In addition, among US respondents, there were statistically significant differences between attendings and residents in affirmative responses to the questions “Have you had a weapon brandished?” (attendings 26%, residents 10%, P = 0.018) and “Have you lost sleep?” (attendings 21%, residents 6%, P < 0.001).
[Table 2] shows the complete presentation of US respondent data.
Verbal abuse in the workplace was witnessed by 89% and personally experienced by 70% of Indian respondents. Respondents acknowledged reporting 46% of verbal abuse cases. Verbal abuse occurred daily (5%), weekly (22%), monthly (45%), every 6 months (21%), and yearly (5%), according to Indian respondents.
Participants indicated that the majority of these threats (89%) came from patient families, with 30% of threats stemming from patients. Unlike in the US, a significant percent of verbal threats came from other ED staff members and hospital consultants (17%) (Note that the reported sources of verbal threats are not mutually exclusive categories.)
Physical abuse was witnessed by 37% of Indian respondents and personally experienced by 4%, resulting in a total of thirty physical abuse cases. Of these, 17% were reported. Physical abuse occurred daily (3%), weekly (13%), monthly (17%), every 6 months (50%), and yearly (17%), according to Indian respondents.
Furthermore, most physical abuse incidents (97%) involved patients or their families; only one incident (3%) involved another ED staff member.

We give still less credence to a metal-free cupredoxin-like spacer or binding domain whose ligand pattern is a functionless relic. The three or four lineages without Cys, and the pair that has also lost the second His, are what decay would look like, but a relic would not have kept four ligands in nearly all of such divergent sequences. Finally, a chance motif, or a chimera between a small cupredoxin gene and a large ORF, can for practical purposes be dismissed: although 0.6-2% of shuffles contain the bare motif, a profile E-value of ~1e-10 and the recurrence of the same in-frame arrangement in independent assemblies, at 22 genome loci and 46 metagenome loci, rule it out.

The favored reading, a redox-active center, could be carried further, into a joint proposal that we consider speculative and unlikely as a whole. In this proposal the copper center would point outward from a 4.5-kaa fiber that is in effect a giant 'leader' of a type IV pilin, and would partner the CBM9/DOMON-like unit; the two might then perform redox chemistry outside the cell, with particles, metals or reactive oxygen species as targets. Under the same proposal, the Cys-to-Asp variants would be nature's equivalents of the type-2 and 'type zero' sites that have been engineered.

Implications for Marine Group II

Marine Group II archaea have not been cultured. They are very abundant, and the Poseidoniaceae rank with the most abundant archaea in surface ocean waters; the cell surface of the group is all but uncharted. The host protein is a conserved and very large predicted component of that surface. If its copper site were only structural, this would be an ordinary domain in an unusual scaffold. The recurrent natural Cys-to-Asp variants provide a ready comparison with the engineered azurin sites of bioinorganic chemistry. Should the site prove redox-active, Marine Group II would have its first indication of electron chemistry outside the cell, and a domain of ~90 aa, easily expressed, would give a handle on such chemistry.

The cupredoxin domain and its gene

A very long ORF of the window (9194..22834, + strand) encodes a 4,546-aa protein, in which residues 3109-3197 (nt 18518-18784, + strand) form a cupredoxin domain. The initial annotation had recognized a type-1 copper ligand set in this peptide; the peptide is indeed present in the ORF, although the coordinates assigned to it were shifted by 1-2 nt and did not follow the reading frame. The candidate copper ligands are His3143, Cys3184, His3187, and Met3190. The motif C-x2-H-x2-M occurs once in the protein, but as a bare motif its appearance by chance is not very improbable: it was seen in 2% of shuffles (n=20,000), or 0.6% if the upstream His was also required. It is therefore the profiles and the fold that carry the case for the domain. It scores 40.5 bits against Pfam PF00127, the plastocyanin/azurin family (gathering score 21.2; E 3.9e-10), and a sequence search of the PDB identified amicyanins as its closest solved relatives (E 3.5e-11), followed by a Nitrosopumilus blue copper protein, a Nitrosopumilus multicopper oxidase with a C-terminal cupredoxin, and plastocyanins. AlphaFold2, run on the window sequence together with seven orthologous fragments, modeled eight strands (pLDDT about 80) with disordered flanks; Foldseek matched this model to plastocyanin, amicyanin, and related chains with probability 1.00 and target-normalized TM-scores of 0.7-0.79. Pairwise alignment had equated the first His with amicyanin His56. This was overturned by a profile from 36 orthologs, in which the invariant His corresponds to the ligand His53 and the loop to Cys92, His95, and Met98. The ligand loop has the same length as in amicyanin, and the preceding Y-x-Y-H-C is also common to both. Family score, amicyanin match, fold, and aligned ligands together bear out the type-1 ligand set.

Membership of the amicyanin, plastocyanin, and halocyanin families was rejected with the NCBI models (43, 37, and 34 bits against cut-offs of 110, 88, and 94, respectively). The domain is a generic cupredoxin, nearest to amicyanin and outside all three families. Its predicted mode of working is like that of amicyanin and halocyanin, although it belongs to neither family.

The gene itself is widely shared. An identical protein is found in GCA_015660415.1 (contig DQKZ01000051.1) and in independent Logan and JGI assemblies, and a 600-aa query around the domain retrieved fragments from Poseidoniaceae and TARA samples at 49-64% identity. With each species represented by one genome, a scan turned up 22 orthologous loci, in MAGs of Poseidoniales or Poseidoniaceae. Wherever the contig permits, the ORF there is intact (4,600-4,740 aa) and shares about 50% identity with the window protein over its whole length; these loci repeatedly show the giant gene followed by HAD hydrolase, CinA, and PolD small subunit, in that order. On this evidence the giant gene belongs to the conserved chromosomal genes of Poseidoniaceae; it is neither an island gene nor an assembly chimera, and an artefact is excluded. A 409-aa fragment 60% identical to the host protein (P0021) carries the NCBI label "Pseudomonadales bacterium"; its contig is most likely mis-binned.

Confrontations outside of the ED were reported by 11% of Indian respondents, with 4% having had a weapon brandished at them, sometime during their medical career.
Abuse resulted in 46% of Indian respondents feeling less satisfied with their job due to workplace violence, 14% feeling afraid to go to work due to these incidents, 22% losing sleep at night due to workplace violence, and 4% missing work due to an incident of workplace violence.
In India, women reported witnessing less verbal violence than men (74% vs. 93% P = 0.01). However, this was the only significantly different response between genders or based on the level of training within the Indian cohort (all P values from 0.08 to 1.0).
[Table 3] shows the complete presentation of India respondent data.
Outcomes between countries
While both cohorts reported having experienced large amounts of violence, respondents in the US both witnessed and experienced significantly more physical and verbal abuse (P< 0.001). In addition, US respondents were 20% more likely to report being less satisfied with their job due to the incidents of workplace violence (P = 0.041).
Regarding the perpetrators of abuse, in India, there was a statistically greater chance of verbal violence originating from a hospital-affiliated source (1% of verbal abuse incidents in the US vs. 17% of verbal abuse incidents in India, P = 0.01). We did not find a statistical difference between the rates of weapons being brandished against physicians between countries (US 15% vs. India 4%, P = 0.062) although this appears to trend toward significance.
Despite the large differences between perceived rates of verbal and physical violence, there were no significant differences between country cohorts regarding the consequences of these incidents on self-reported sleep, missed days of work, or fear of going to the workplace. There was a slight increase in US respondents indicating that they were less satisfied with their jobs due to workplace violence as compared to their Indian colleagues (P = 0.041).